There’s much to love about the obscure and simply delightful romp, presented by Lyric Opera  that is Pygmalion; a classic opera re-invented and re-imagined with a sense of fluidity that makes it difficult to differentiate between the “traditional” and the “contemporary”. To this point alone, the production deserves much applause, providing a definitive and strong memory.

Musically, the performance remains true to the period in which Pygmalion was written, with the orchestra comprising of such instruments as alto flute, oboe, and not one but two harpsichords. To hear the musicians; under the careful direction of conductor Pat Miller, take so fully to a delicate, sumptuous and unapologetically Baroque score is worth the ticket price alone.

Seeing not only the main space at Chapel Off Chapel, stripped bare, but a performance set in the round, is all together refreshing. Designers Rob Sowinski and Bryn Cullen having made a decision to break away from a traditional proscenium arch is an intelligent choice that creates duality, connection and sense of immersion between audience and performers.

The way in which the chorus would delicately interact and flirt with audience members on either side of the space, through a series of comical but well executed choreographic sequences was playful. It added to the “celebration of love” so central to the plot.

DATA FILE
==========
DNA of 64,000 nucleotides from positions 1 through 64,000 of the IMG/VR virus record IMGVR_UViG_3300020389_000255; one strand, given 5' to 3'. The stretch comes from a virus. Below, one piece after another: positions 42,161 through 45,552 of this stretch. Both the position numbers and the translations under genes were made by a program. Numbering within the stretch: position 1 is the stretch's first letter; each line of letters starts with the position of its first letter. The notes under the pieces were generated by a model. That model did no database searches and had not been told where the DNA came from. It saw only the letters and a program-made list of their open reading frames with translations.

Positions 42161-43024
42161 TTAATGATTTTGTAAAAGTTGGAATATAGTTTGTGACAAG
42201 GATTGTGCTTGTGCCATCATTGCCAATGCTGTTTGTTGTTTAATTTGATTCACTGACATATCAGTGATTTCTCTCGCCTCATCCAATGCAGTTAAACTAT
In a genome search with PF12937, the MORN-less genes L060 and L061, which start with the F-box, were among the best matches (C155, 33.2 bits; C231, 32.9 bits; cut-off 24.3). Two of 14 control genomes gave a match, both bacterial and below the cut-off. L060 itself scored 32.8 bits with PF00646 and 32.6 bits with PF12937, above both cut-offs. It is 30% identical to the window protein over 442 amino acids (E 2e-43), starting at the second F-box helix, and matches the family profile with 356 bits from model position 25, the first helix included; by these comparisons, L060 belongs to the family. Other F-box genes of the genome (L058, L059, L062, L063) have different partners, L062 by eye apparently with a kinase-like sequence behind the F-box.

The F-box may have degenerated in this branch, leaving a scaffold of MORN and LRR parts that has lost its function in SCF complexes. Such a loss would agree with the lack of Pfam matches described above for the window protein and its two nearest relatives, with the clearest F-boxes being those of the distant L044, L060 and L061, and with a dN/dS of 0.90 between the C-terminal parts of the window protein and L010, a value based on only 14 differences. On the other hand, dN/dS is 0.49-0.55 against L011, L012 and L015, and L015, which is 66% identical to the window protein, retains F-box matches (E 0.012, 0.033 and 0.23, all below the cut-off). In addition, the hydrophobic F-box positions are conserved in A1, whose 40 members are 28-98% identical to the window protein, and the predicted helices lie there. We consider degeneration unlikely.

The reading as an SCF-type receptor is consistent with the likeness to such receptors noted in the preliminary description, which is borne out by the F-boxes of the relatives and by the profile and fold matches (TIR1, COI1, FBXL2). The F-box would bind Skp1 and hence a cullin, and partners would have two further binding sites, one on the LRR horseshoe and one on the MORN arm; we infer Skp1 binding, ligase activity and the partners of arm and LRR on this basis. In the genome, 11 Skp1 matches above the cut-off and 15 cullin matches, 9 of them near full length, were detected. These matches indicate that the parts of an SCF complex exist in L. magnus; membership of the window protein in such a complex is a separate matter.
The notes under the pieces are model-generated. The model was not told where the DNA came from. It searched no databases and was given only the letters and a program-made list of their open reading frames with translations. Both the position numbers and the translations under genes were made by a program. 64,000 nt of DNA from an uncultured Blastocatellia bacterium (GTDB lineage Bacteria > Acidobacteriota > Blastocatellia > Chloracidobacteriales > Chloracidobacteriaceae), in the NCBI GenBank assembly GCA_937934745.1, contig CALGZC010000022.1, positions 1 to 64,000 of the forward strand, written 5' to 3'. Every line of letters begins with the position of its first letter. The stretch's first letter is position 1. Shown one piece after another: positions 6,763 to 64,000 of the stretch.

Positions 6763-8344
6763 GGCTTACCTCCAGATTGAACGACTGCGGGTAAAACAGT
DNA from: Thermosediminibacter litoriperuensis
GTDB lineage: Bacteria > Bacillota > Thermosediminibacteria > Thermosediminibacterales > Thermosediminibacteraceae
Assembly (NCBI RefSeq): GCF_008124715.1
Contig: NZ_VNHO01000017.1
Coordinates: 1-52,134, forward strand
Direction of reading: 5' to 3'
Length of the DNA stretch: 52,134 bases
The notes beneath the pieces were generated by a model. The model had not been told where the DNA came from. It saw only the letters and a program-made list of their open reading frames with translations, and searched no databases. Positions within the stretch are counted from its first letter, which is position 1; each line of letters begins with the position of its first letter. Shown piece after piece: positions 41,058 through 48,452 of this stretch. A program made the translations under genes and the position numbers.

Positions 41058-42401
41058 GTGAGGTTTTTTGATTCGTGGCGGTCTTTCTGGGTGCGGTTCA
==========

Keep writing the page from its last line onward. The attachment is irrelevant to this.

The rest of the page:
Sabrina Surace in the role of L’amour, simply dazzled from the moment she “entered” in grand fashion, her dedication to this role here only matched by the sass and confidence of which she bought in spades. The rest of the cast are equally as impressive; strong in both character and voice, delightful was the sensation when the chorus also broke into thunderous song, if anything though perhaps they may have chosen to have shown “less in the face”,  and instead draw upon their impressive physicality to show much of over exaggerated emotion.

After opening scenes that perhaps could be described as a little “bleak”; the performance quickly became more obscure; unfurling from surly greys into full blown technicolour. You suddenly yet happily became lost within a beautifully supposed world. Whether or not it plunged deep enough into insanity is something that’s hard to answer, for it could of quite easily have slipped that little bit more. Though, in showing such refrain it left a wanting sensation post performance; something that’s difficult to find in a city brimming with shows of one kind or another.

Of any criticisms that could be offered up, the lack of translations and reliance on emoji’s projected onto opposite walls, though an interesting choice; jarred, and perhaps showed a lack of respect towards the original work. However joyous was the sensation of losing yourself in this imagined world, better translations would have simply, but importantly, allowed deeper connections to be found with the characters. Back story is important.

The running time, at just under an hour is perfect, particularly when wanting to modernize and find new relevance with contemporary audiences, it held attention from start to finish. All in all, this is an incredible performance and a shining example of both contemporary opera and bespoke performance. You would be doing yourself a favour checking it out while you can, Pygmalion opens to the public on Tuesday the 5th of April and is on for a strictly limited season at Chapel Off Chapel.  For tickets and further information click here

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